If your current resume is not achieving interviews for you, it could be for a number of reasons. Usually, it is because the structure and content of the document are not compatible with Applicant Tracking Systems (ATS) algorithms nor contain relevant keywords to the positions you are targeting. It could also be as a result of the overall appearance of the document, or, the content itself does not sell your value proposition to hiring organisations. Our free resume health check will critique the document structure, layout and content, providing advice and information on where your resume could be improved or if it is beyond salvation. Our detailed resume health check is free and there is no need to purchase any of our professional services. We generally provide a full detailed report within 48-hours. Unfortunately we cannot provide Resume Health Checks outside of Australia.
Why most resumes are rejected by hiring organisations
Despite your qualifications, despite your experience, despite your skills – it’s the ‘Look and Feel’ of a resume which usually determines if it will even be read AND the inclusion of keywords relevant to the positions you are applying for. Imagine a hiring organisation’s HR person has picked up three resumes submitted by three individual applicants:
The first resume contains 682 words spread over 4 pages: there are great chunks of ‘white space’ with each page having about 35 lines of information; the applicant’s name and contact information itself takes up about a quarter of the first page on its own! The first section on this resume is labelled ‘Skills’ and includes a dozen dot-points including ‘Great Communicator’ – ‘Teamwork’ – ‘Highly Organised’ – ‘Quick Learner’ – etc. The second section on this resume leads straight into ‘Experience’. The resume also uses about four different fonts many of which are capitalised, bold, underlined or all three. This resume is rejected half-way through the first page.
The second resume is the exact opposite, it has 3,322 words spread over just 2 pages: this one has very narrow margins, a too small body-text font and absolutely no ‘white space’ to segregate sections. The first section on this resume is a long list of achievements which don’t indicate what job they relate to and 43% of these are in fact just statements such as ‘built a customer focused team’ – ‘awarded best employee of the month in January 2017’ – etc. This section is followed by ‘Experience’ with every position having an average of 23 dot-points to list every task the applicant did in this role. This resume is rejected half way through the first page.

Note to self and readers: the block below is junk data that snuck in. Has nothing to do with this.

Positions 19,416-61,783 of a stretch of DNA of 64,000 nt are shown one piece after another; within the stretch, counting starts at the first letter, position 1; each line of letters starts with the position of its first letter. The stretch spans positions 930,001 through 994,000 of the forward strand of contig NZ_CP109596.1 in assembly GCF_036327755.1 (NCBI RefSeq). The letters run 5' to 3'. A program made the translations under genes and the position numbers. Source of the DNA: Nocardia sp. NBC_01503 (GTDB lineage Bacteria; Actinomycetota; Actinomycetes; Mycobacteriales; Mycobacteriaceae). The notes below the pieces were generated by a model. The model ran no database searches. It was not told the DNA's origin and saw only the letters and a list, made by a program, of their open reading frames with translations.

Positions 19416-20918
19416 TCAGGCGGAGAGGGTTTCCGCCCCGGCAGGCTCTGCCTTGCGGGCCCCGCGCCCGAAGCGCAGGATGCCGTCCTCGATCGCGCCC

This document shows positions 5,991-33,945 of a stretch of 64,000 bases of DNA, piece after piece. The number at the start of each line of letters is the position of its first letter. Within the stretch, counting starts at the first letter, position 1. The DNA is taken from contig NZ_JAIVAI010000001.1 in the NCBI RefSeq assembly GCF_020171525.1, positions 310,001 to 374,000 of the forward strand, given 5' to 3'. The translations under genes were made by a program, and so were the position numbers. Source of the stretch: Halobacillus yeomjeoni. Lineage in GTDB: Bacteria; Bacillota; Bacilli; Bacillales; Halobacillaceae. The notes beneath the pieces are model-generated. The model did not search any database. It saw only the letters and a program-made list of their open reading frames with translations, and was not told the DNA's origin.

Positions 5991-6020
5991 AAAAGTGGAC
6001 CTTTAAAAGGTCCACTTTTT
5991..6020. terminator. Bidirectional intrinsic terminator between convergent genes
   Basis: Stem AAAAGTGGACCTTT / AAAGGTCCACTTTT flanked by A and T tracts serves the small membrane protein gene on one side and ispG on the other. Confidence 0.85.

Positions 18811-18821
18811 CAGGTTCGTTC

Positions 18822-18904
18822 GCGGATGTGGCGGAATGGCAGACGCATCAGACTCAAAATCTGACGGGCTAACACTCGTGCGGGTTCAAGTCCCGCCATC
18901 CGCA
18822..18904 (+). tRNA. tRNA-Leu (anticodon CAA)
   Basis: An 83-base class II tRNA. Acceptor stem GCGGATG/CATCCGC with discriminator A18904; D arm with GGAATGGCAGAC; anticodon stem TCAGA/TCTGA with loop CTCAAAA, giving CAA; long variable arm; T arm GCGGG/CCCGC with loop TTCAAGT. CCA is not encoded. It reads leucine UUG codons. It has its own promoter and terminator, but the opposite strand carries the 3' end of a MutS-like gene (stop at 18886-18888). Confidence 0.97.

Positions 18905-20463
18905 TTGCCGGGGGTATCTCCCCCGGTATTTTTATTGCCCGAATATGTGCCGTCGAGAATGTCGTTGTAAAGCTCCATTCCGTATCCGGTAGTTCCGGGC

The third resume has a totally different ‘look and feel’, it has 1,411 words spread over 3 pages: the margins are good, the ‘white space’ has been used well to segregate sections, the section headings are clearly defined, the font choices for both section headings and body-text font are appropriate, and the intro is an ‘Overview’ which provides a summary of the skills and knowledge the applicant has attained via qualifications and experience. This is followed by an ‘Areas of Expertise’ section which provides a snapshot of meaningful skills the applicant can transfer to a recruiting organisation. This resume is completely read.
Whilst you may consider that your resume is fine, and it lists all your experience, qualifications and skills – it is, after all, the first impression you present to a hiring organisation and ultimately evidences your professionalism and ‘value proposition’ irrespective of whether you are applying for a customer service role or a senior management role. The effort you put into presenting yourself on paper will be perceived by hiring managers as the effort you will put into the advertised job position.
Free detailed resume health check
- Will your current resume pass through an Applicant Tracking System?
- Does the information on your resume include multiple ‘keywords’ that are generally contained in position advertisements and position descriptions that you would apply for?
- Does the template you have chosen present you professionally?
- Is your choice of font type and font size correct?
- Does your current resume ‘sell your value potential’ to hiring organisations?
- Does your current resume make you stand out from other applicants?
- Do you have the right information on the first page of your resume?
- Do your responsibilities read like a Job Description?
- Are your ‘Achievements’ quantified or just statements?
- Will the information you have provided under each job position generate interest from hiring organisations?
- Is your resume too long or too brief?